Novel therapies for the treatment of cardiovascular disease
Diabetes is associated microvascular complications which lead to diabetic nephropathy, cardiomyopathy and retinopathy. Inflammation and scar tissue formation (fibrosis) in these various organs contribute to the decline in organ function in both diabetic and non-diabetic disease. At present there is no effective treatment for organ fibrosis.
The Renal and Cardiovascular Translational Research group is an internationally recognised team focused on developing novel compounds for the treatment of pathological inflammation and fibrosis in diabetic and non-diabetic kidney, heart and eye disease. Our projects adopt a “bench to bedside” approach to research where we evaluate the efficacy of novel therapies on structural and functional aspects of heart, kidney, liver and eye disease using well characterised animal models that mimic the complications seen in humans. We can then assess the underlying mechanism of action of these compounds using specialised molecular and histopathological techniques, complemented with cell culture systems.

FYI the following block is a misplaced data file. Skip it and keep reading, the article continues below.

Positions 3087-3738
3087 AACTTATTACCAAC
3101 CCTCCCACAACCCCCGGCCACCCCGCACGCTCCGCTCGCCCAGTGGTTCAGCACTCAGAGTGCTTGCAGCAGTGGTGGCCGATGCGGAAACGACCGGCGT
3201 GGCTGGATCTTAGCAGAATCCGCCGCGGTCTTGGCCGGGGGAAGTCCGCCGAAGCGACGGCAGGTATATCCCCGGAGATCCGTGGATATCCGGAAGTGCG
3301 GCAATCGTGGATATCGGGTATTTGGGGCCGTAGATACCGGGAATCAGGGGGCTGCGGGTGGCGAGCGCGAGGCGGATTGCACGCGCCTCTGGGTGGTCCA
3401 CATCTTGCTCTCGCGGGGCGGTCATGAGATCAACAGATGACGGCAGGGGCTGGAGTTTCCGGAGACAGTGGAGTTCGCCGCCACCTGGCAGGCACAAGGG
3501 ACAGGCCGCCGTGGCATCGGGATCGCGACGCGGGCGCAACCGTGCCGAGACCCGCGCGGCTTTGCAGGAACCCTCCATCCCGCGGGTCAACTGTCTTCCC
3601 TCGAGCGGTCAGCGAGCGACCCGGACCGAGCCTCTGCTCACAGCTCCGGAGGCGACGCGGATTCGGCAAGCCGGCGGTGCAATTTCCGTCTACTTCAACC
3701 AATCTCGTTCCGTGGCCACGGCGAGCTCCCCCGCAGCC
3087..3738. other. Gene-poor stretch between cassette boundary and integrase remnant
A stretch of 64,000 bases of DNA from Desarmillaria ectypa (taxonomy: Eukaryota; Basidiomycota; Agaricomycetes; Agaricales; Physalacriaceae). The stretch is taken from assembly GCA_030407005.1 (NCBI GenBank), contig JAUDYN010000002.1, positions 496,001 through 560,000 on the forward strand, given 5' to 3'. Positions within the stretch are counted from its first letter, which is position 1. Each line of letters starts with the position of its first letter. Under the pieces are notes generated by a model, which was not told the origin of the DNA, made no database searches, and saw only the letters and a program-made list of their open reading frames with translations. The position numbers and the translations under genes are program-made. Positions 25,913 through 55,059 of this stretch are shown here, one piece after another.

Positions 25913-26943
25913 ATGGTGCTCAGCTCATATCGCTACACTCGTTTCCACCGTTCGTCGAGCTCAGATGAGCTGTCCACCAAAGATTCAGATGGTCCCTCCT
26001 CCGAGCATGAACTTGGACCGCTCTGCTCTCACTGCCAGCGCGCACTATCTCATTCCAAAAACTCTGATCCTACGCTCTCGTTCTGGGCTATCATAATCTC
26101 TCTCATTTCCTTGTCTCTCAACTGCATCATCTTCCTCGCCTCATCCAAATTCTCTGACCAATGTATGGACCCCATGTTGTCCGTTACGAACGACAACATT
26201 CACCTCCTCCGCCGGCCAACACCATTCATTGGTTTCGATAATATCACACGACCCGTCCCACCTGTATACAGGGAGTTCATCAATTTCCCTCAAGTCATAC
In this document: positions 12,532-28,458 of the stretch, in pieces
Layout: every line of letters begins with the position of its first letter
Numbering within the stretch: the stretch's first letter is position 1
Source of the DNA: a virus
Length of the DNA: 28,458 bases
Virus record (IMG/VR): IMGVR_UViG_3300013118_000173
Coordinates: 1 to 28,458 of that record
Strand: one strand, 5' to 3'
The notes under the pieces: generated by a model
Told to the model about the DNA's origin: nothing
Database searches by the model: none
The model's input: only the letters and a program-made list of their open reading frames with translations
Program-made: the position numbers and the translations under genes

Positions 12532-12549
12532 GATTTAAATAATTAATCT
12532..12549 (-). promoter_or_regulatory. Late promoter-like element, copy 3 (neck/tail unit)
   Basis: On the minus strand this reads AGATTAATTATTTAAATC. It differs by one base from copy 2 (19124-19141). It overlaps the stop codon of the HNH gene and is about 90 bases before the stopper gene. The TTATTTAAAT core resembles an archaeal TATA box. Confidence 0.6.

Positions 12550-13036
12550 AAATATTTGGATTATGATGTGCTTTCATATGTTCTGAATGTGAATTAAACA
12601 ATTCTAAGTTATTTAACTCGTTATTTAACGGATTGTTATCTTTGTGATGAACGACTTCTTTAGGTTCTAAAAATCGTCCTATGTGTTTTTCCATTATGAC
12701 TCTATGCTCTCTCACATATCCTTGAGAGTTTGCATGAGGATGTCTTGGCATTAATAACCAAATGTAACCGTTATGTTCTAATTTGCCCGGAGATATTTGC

As a team, we have contributed to the discovery of several anti-fibrotic compounds that inhibit the progression of diabetic and non-diabetic kidney and cardiovascular disease, leading to the establishment of the biotech company Fibrotech Therapeutics, with our compounds entering clinical trials in human diabetic patients. Thus the information gained from our pre-clinical studies allows us to rapidly translate pre-clinical proof of concept data into clinical development for the treatment of both diabetic kidney, heart and eye disease. We have a number of projects suitable for Honours or PhD students that are available to outstanding and enthusiastic students interested in pursuing a career in research and in with a particular interest in pre-clinical drug development.
- Professor Darren Kelly, Laboratory Head
- Dr Amanda Edgley, Senior Research Officer
- Dr Yuan (Michael) Zhang, Research Officer
- Dr Roy Kong, Research Officer
- Dr Fay Khong, OccuRx Project Manager
This research project is available to PhD students to join as part of their thesis.
Please contact the Research Group Leader to discuss your options.